The British have a system that seems to work better than ours, and we will adopt some of its attributes. First, political campaigns are limited to a short period just before elections. Second, all candidates get equal time on TV and radio, at no cost. (After all, the air belongs to the people despite what the media owners claim). While some inequalities will result from the ability to hire better producers or coaches, the playing field will be only bumpy rather than tilted.
If units of 30 minutes are the only ones allowed we'll be rid of those damned misleading 30 second bites.
Full disclosure of the sources of funding will be compelled, and evasions and concealment of true sources prohibited.
Legislators and public officials will be prohibited from position-related involvement, including representation and "inquiry", in any interest from which they have ever received funding above a modest minimum. Of course outside their work arena they will be free to work for any cause they espouse. This may cut down on political donations. Too bad.
The salaries of legislators and public officials will be linked to those doing similar jobs in the private sector, so that good people will be attracted and the rich have less advantage.
In the new society, police officers will received solid education and training in sociological matters and relevant psychological and cultural processes. This will improve their professional status, and their behavior will gradually earn them the respect of the community.
The possession of handguns will be utterly outlawed. Police will carry non-lethal weapons except by special permission in special and limited circumstances. Long guns for sport and target use will be closely licensed, and people will keep them stored in their lockers at a local long-gun club and sign them out for each use and then have them receipted back into custody after each use.
People convicted of doing harm to others will have to compensate the victims to the extent of a sizable share of the criminal's future income or in direct services by the criminal to the victim(s). This may be hard to arrange, but we'll find the ways.
Young first offenders will be treated as good prospects for rehabilitation. They will be incarcerated in separate facilities, in which mutual respect is taught by example while they are shielded from the corrupting influences of more experienced criminals (and those who guard them, and their assumptions). We'll keep them busy and work them hard both to expiate and to develop their ethical muscles.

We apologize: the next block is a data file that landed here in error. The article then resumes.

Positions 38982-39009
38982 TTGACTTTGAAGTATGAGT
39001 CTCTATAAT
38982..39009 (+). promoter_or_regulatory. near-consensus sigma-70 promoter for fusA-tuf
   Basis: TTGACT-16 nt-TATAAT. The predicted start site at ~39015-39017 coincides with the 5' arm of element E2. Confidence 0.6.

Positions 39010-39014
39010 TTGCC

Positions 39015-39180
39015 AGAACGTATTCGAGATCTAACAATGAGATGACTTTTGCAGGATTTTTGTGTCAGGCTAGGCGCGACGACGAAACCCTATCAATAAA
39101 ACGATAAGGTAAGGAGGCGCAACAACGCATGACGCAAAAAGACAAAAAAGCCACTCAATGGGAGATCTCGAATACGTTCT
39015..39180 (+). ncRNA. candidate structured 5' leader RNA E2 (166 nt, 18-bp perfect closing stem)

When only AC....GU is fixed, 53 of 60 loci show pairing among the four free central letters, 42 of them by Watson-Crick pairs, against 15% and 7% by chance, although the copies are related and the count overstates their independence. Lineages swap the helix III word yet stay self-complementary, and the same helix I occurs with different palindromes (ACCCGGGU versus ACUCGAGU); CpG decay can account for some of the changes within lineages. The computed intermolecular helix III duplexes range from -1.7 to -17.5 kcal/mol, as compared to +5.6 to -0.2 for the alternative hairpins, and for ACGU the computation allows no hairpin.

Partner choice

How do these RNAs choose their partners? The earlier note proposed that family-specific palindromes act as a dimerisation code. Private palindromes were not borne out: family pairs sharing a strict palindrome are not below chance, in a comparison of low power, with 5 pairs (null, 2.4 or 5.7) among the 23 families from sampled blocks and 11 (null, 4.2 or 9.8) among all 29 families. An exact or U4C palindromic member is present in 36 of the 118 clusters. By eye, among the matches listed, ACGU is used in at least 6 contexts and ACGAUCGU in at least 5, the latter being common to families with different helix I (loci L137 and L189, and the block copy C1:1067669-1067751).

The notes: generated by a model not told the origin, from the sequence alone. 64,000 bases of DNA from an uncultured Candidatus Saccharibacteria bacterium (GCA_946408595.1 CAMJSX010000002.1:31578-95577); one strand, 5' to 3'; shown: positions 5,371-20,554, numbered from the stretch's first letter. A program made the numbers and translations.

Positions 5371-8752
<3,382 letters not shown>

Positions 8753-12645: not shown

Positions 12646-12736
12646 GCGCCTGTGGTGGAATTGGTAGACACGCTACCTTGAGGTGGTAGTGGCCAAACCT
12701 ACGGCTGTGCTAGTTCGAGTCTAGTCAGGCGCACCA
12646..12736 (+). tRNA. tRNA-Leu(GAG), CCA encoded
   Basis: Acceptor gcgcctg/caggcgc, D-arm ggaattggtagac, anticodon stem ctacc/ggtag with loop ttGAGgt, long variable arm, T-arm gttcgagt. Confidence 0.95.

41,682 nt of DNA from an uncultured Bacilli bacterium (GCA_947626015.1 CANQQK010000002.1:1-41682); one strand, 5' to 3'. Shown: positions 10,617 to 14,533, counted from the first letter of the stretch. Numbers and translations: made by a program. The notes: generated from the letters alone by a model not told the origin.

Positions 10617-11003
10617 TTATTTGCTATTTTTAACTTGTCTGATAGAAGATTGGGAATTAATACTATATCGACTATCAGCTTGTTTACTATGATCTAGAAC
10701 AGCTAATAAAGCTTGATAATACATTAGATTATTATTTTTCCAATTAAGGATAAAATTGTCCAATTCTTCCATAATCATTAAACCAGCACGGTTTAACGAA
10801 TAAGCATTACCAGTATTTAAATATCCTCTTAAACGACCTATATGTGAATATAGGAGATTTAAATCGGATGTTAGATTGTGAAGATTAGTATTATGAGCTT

Recreational drug use will be decriminalized. It will be treated as a social and a health problem. Inexpensive production and prescriptions for addictive drugs will minimize the profits that now lead to crime in that area. Since we're talking about a trade that in 1991 will be at $200,000,000,000 level, with the direct cost of law enforcement at another $5,000,000,000 not including the costs of imprisonment - a humungous pile of dollars will be available for more productive uses including education to prevent and therapy to treat drug addiction.
Judges' salaries will be linked to comparable positions in the private sector (lawyers, for instance) so they are not so tempted to leave the bench or become corrupt. Their income tax returns will be made public.
Every resident of this country will have to serve two years in the national service corps, from the 18th birthday to the 20th birthday.
There will be no exceptions or deferrals except for those who are actually hospitalized. Military training will be one of the branches available; others will be the reconstruction of the cities, the national health service, the conservation and wilderness preservation service, a national education service, etc. So conscientious objection or religious scruples will not apply. Physical, emotional and educational handicaps will be accommodated within the corps.
This sort of universal national service has a number of positive outcomes. In time, all people in this country will have made a contribution to its well being. Handicapped people will find acceptance as respected members of the community. The nation's crumbling infrastructure - roads, bridges, public housing, beaches, parks and all - will be rebuilt and maintained at minimum cost. The public health will be improved by the provision of remedial education and therapy for those who need it, during their period of service. Group relationships and loyalties will carry over and enhance civic life in their communities, after people leave the corps.
Multi-national agreements towards our best interests in the fields of arms reduction and mutual defence against aggression are good. Similarly defense of the environment, and the promotion of good health on a global scale will be the focus of multi-national agreements through the United Nations or other means.